But once again, it’s important to be reminded that whatever the death benefit balance is at the time of your death, it would be reduced by any withdrawals that you have taken from the annuity since it began. So, if the death benefit would be $500,000, but you received $150,000 in withdrawals during your lifetime, the net benefit to your heirs would be $350,000.
The insurance company may also offer a minimum compound interest rate, typically between 5% and 7%. If your annuity value has increased significantly due to a favorable financial market environment, the insurance company will give you the higher of the two values – either the value as a result of the increase in investment worth or the value that is the result of the minimum compound interest rate.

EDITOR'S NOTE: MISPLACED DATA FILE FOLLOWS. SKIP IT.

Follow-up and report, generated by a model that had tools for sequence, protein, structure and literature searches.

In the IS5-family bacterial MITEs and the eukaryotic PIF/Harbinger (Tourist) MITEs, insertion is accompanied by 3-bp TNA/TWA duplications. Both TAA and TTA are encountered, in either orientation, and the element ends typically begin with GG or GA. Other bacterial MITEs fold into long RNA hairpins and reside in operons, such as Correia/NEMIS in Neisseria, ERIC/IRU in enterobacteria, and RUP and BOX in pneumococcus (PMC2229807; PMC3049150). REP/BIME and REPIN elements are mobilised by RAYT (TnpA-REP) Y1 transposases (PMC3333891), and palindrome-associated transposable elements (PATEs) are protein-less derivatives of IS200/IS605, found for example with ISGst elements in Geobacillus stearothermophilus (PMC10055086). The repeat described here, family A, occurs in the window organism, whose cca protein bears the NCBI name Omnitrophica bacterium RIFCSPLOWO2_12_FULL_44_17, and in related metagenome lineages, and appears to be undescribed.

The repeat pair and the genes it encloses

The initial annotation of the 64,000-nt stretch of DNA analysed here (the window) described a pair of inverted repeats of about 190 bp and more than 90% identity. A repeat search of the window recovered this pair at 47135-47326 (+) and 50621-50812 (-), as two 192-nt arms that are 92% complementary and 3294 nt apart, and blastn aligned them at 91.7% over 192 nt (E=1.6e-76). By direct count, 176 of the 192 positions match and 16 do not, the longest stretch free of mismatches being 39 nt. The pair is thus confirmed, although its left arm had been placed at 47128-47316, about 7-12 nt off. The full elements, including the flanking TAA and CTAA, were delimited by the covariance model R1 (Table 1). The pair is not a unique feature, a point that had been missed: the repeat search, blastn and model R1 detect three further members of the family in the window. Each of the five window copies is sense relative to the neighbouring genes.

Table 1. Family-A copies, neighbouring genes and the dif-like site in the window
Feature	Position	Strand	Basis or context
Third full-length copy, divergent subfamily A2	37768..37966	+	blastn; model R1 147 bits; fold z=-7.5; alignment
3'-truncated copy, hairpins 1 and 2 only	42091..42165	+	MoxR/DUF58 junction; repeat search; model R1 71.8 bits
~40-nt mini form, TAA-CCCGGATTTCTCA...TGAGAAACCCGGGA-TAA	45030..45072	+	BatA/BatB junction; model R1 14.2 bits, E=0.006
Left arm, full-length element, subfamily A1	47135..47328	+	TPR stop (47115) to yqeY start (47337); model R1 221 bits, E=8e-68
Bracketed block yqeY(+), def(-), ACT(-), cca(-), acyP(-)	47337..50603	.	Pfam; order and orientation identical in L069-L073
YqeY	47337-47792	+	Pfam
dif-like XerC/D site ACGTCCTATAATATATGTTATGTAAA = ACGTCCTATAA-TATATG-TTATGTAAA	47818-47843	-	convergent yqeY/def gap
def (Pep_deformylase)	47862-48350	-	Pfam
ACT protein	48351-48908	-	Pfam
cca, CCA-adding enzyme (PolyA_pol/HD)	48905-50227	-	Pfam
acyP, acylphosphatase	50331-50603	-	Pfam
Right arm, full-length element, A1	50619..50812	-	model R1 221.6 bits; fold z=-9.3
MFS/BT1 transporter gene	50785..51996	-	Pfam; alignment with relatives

As an example, let’s say you took an annuity with an initial investment of $200,000. 10 years later, the value of the annuity is $300,000 based on the increase in the investment value of the account. But the annuity also had a minimum compound interest rate of 7%, which produced a value in excess of $393,000. Your death benefit would be $393,000 since it is higher than the investment value of the annuity.
Death Benefit Rider Costs
There’s a pretty wide range as to the cost of adding a death benefit rider to your annuity. The rate will vary based on the insurance company, the annuity, and the specific provisions of the rider itself. The cost of the rider can range from between 0.25% and 1.15% of the value of the annuity.
For example, a death benefit rider that includes a monthly step up provision will add between 0.25% and 0.50% to the cost of the fee. If the base cost of the rider is 0.25%, and the monthly step up provision is 0.35%, then the total cost of the rider will be 0.60%.